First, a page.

There is the odd occasion when she'll actually change into something entirely different altogether. We won't say anymore than that because it will spoil the effect, but rest assured it's something other than a chess piece.
To further enhance Alice's character she will sporadically talk to herself and to the player, encouraging you to feel as though you are an inherent part of what is going on in Wonderland. American does not want the player to perceive themself as a disembodied hand leading an angry teenager home...
The Ultimate Sacrifice
The inclusion of the Quake III engine automatically conjures up images of a manic multiplayer game with Mad Hatters, White Rabbits, Queens and Alices coming out of your ears. Surprisingly, this is not the case. Alice will be a single-player journey only. So, please explain yourself, Mr McGee...
"When you focus on multiplayer and single player at the same time, you take away from one or the other, or both. A game like Quake III or Unreal Tournament is going to he able to provide a better multiplayer experience than we're able to do, so we're going to stick to single player."
At least he's honest about it. How many developers would be willing to simply tag on a multiplayer option at the last minute to the detriment of proper game testing and bug fixing? Quite a few, we'd wager.
All things considered, there is no doubt that Alice is one of the most original game designs we've seen for a long time. But is McGee worried that he is effectively messing about with a classic children's fairytale? With his involvement in the Doom games, will some people see Alice as an irresponsible aberration? "I was worried about that in the beginning. I was concerned about taking it and kind of subverting it. I'm concerned about violence in games and whether or not people are going to perceive this as some kind of bastardisation of the fiction.
"So far there has been little negative response. Literally one person has written an email to me with an article that was negative. Personally, I feel that this is actually a truer version of Alice In Wonderland than Disney ever created."
As far as we're concerned there really is no argument there. What remains to be seen is whether the warped ideas and the game-play can blend together, if so, we are looking at what could be one of the most enthralling games of all time. On the other hand, could Alice be just too psychedelic for its own good? We will let you know as soon as the review code enters our own little Wonderland this November.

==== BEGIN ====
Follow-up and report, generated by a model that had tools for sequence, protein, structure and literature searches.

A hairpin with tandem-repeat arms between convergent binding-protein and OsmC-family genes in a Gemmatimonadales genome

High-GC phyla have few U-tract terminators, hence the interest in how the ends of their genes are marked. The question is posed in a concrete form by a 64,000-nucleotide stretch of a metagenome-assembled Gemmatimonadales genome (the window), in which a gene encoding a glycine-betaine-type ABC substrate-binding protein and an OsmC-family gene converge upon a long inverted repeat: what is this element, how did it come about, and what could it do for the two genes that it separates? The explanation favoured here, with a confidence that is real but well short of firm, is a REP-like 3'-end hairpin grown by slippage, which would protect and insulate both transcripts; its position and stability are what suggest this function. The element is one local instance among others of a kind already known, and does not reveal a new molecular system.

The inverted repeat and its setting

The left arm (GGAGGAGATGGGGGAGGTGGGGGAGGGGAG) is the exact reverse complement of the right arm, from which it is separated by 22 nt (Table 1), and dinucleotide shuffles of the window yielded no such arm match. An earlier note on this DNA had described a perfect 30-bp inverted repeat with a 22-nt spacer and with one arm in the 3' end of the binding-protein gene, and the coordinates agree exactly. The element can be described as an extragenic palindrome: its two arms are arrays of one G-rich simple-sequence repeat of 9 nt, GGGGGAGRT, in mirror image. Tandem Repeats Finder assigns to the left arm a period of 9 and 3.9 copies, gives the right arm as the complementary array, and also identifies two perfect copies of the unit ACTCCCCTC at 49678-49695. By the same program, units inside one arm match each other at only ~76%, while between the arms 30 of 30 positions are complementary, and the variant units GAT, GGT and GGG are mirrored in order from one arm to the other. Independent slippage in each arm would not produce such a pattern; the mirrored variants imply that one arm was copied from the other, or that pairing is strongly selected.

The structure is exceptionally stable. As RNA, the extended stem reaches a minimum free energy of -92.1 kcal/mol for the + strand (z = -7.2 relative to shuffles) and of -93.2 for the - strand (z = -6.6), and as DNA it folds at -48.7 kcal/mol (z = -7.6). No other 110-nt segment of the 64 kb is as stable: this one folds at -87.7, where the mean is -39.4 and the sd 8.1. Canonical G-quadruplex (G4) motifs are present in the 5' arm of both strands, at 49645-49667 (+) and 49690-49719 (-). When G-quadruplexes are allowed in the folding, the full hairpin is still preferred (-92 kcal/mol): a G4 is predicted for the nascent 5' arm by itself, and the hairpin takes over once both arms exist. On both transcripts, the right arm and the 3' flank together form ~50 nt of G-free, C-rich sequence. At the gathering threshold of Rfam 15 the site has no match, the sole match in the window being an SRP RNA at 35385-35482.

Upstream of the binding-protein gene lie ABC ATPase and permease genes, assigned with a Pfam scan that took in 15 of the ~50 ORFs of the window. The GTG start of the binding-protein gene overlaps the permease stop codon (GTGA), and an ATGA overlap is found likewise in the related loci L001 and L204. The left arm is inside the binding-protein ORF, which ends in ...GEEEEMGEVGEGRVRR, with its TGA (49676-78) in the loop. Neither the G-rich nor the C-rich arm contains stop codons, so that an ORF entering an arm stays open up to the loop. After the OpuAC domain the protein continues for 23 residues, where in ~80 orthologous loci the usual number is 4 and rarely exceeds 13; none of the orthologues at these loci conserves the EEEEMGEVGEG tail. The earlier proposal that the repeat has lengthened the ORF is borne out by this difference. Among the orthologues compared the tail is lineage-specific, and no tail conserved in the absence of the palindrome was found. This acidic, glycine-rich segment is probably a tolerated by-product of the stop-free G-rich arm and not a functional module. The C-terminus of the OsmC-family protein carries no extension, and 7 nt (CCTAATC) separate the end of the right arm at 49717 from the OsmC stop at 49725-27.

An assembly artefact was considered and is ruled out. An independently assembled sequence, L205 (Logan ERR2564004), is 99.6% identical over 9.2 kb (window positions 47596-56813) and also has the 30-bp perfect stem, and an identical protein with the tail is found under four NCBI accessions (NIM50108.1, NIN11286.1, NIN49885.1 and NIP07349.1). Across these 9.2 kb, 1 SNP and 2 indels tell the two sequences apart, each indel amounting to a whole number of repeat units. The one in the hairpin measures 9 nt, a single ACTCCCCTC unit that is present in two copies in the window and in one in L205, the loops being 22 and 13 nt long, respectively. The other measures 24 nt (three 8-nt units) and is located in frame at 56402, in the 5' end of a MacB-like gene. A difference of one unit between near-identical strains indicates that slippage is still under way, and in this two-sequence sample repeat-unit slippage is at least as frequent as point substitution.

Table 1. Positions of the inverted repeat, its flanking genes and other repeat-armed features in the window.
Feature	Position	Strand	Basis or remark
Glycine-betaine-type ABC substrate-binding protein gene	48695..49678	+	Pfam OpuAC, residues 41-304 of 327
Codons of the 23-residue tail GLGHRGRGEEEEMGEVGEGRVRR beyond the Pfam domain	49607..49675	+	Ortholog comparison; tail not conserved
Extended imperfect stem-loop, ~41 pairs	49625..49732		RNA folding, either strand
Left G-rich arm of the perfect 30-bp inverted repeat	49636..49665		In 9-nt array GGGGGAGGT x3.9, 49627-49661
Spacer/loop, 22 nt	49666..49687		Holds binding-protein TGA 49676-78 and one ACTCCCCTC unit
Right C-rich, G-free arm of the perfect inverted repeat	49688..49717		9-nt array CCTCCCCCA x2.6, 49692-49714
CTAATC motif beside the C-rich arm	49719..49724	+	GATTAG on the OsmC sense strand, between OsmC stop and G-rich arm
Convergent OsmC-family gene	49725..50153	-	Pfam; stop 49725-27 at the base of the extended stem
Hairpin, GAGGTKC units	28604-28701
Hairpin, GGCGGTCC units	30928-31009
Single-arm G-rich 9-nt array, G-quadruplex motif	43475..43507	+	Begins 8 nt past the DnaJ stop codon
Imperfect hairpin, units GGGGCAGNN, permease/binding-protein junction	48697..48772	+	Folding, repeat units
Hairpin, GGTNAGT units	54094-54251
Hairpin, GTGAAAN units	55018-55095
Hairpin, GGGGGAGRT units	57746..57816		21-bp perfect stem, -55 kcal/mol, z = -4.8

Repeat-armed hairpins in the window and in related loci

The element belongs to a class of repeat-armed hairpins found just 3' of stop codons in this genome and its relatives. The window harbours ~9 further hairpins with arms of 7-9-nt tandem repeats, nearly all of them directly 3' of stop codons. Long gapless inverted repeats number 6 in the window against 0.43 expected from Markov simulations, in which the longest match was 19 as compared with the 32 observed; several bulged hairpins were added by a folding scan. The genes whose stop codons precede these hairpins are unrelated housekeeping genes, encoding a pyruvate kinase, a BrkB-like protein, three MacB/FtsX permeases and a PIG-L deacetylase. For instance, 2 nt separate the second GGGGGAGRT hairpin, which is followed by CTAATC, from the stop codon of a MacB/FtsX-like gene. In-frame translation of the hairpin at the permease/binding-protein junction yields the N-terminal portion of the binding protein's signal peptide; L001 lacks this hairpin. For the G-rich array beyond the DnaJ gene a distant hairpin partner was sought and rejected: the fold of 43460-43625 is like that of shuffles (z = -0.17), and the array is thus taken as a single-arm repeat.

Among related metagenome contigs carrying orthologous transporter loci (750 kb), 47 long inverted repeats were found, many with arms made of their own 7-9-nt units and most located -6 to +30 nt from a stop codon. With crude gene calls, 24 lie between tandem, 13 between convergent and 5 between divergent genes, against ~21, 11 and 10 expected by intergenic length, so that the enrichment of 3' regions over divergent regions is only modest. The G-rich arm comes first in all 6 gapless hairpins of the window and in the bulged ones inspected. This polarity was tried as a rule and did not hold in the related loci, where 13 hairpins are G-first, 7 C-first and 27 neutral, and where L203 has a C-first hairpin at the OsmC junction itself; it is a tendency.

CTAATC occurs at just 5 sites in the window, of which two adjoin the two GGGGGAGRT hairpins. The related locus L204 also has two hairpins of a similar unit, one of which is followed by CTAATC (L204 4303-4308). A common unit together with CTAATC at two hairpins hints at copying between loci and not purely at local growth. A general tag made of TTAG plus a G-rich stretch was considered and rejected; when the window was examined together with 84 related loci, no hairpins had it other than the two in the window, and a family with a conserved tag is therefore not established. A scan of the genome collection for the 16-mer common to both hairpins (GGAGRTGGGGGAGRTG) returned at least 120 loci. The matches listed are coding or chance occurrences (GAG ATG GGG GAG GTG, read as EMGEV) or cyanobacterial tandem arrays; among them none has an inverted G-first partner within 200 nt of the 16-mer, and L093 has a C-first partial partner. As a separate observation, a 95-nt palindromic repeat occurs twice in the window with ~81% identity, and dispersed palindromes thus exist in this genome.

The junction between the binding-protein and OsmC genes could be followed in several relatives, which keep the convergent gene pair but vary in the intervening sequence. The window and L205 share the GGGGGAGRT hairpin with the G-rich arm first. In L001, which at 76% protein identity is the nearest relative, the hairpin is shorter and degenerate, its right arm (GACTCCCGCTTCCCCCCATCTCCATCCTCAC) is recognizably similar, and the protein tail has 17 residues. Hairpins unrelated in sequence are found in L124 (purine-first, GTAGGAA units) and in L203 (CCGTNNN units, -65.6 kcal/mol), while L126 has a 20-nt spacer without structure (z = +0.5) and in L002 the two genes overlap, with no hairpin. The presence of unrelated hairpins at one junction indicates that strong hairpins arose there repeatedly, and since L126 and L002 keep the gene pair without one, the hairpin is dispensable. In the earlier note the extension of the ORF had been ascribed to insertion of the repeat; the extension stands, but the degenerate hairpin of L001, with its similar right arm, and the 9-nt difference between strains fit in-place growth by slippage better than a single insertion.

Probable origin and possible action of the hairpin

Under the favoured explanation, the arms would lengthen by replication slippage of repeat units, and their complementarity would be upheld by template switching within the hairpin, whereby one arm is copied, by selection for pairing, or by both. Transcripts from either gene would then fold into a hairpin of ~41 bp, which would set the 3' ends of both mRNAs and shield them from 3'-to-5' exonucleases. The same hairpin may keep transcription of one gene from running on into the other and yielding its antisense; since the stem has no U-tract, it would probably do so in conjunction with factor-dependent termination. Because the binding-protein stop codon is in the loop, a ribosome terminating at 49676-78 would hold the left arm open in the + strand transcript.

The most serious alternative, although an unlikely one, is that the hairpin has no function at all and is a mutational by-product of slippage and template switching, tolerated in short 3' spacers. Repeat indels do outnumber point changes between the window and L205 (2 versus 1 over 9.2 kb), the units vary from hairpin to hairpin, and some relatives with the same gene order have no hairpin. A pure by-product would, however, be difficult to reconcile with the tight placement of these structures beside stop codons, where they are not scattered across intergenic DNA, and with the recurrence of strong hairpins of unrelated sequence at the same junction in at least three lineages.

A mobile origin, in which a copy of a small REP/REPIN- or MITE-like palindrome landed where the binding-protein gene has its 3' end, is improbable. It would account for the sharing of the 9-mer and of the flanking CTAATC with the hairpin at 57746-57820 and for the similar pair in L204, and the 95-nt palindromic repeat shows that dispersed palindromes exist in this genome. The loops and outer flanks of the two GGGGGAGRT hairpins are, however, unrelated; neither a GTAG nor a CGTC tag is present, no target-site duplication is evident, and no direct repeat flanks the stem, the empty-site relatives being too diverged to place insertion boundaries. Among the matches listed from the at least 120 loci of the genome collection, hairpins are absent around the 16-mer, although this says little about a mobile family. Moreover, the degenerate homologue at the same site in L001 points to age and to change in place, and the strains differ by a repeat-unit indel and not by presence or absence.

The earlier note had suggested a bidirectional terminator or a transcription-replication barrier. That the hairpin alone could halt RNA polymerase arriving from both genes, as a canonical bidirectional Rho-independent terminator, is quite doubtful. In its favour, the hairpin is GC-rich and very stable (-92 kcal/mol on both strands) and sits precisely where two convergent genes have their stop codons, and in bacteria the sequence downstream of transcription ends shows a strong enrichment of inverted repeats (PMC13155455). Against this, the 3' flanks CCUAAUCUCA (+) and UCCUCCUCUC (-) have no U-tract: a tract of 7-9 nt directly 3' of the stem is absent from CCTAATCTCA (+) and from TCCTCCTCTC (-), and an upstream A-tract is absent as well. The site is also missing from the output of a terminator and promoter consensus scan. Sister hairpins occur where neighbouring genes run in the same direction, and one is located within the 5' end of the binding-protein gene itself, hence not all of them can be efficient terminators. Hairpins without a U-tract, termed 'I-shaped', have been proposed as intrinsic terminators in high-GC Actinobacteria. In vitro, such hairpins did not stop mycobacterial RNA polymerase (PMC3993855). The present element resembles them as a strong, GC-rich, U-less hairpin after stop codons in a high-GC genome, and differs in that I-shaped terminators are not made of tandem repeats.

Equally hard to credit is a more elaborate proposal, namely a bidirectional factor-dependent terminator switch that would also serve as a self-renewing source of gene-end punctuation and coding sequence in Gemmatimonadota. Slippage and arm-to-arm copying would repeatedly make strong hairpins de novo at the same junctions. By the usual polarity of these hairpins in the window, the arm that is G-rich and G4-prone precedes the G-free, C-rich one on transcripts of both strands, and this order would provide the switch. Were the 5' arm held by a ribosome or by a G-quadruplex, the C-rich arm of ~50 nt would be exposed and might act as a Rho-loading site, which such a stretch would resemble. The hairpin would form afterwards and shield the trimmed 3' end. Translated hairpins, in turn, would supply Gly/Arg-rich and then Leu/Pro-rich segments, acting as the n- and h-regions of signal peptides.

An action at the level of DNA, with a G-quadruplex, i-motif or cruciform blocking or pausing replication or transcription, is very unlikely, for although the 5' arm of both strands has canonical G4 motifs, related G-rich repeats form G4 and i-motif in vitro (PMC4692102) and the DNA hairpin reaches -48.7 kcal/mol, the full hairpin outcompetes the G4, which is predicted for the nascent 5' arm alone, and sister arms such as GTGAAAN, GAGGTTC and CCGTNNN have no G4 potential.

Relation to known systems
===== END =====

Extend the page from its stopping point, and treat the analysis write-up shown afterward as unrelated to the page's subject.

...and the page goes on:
A Diseased Land...
Each of the five areas in Wonderland contains three levels. Here's a quick taster of what you can expect in each...
The Vale Of Tears
The playground of Alice's youth is dying. The first area contains a decaying city called Pandemonium and the Fortress Of Doors, which is a maze-like area where Alice has to talk to doorknobs to And her way through. Once beyond the doors Alice shrinks to the size of an acid tab and has to make her way through a seemingly idyllic forest to the Pool Of Tears.
In the Forest Of Shrooms Alice gets to try out some of the local hallucinogens. Things get even trippier in the Caterpillar Garden as Alice attempts to avoid the smoke from the Caterpillar's hookah. The Anal level, called the Centipede's Lair, sees our tripped-out heroine battle against an evil centipede for a giant mushroom.
Mad Hatter's Area
Plotting her way through the Chess Village leads to the Psychedelic Funhouse that resonates with incessant mad laughter. Here Alice must contend with a hall of mirrors and seven years' bad luck. A Alice's luck doesn't completely desert her she'll arrive at the Mad Hatter's Castle Just in time for dinner...
Land Of Fire And Brimstone
This is the area where the platform puzzles hot up. Alice will need her hopping skills to avoid the flames in the Volcano Village Incline. After that the Fire Imps should be avoided at all costs in the Citadel Of Fire. When Alice finally reaches The Lair Of The Jabberwocky she must kill it to enter the final area of the game.
This Is a nightmare labyrinth. Ultimately Alice enters the Queen's Keep where she must face the final test and vanquish her fears once and for all.
2018-12-04 American McGee's Alice game added.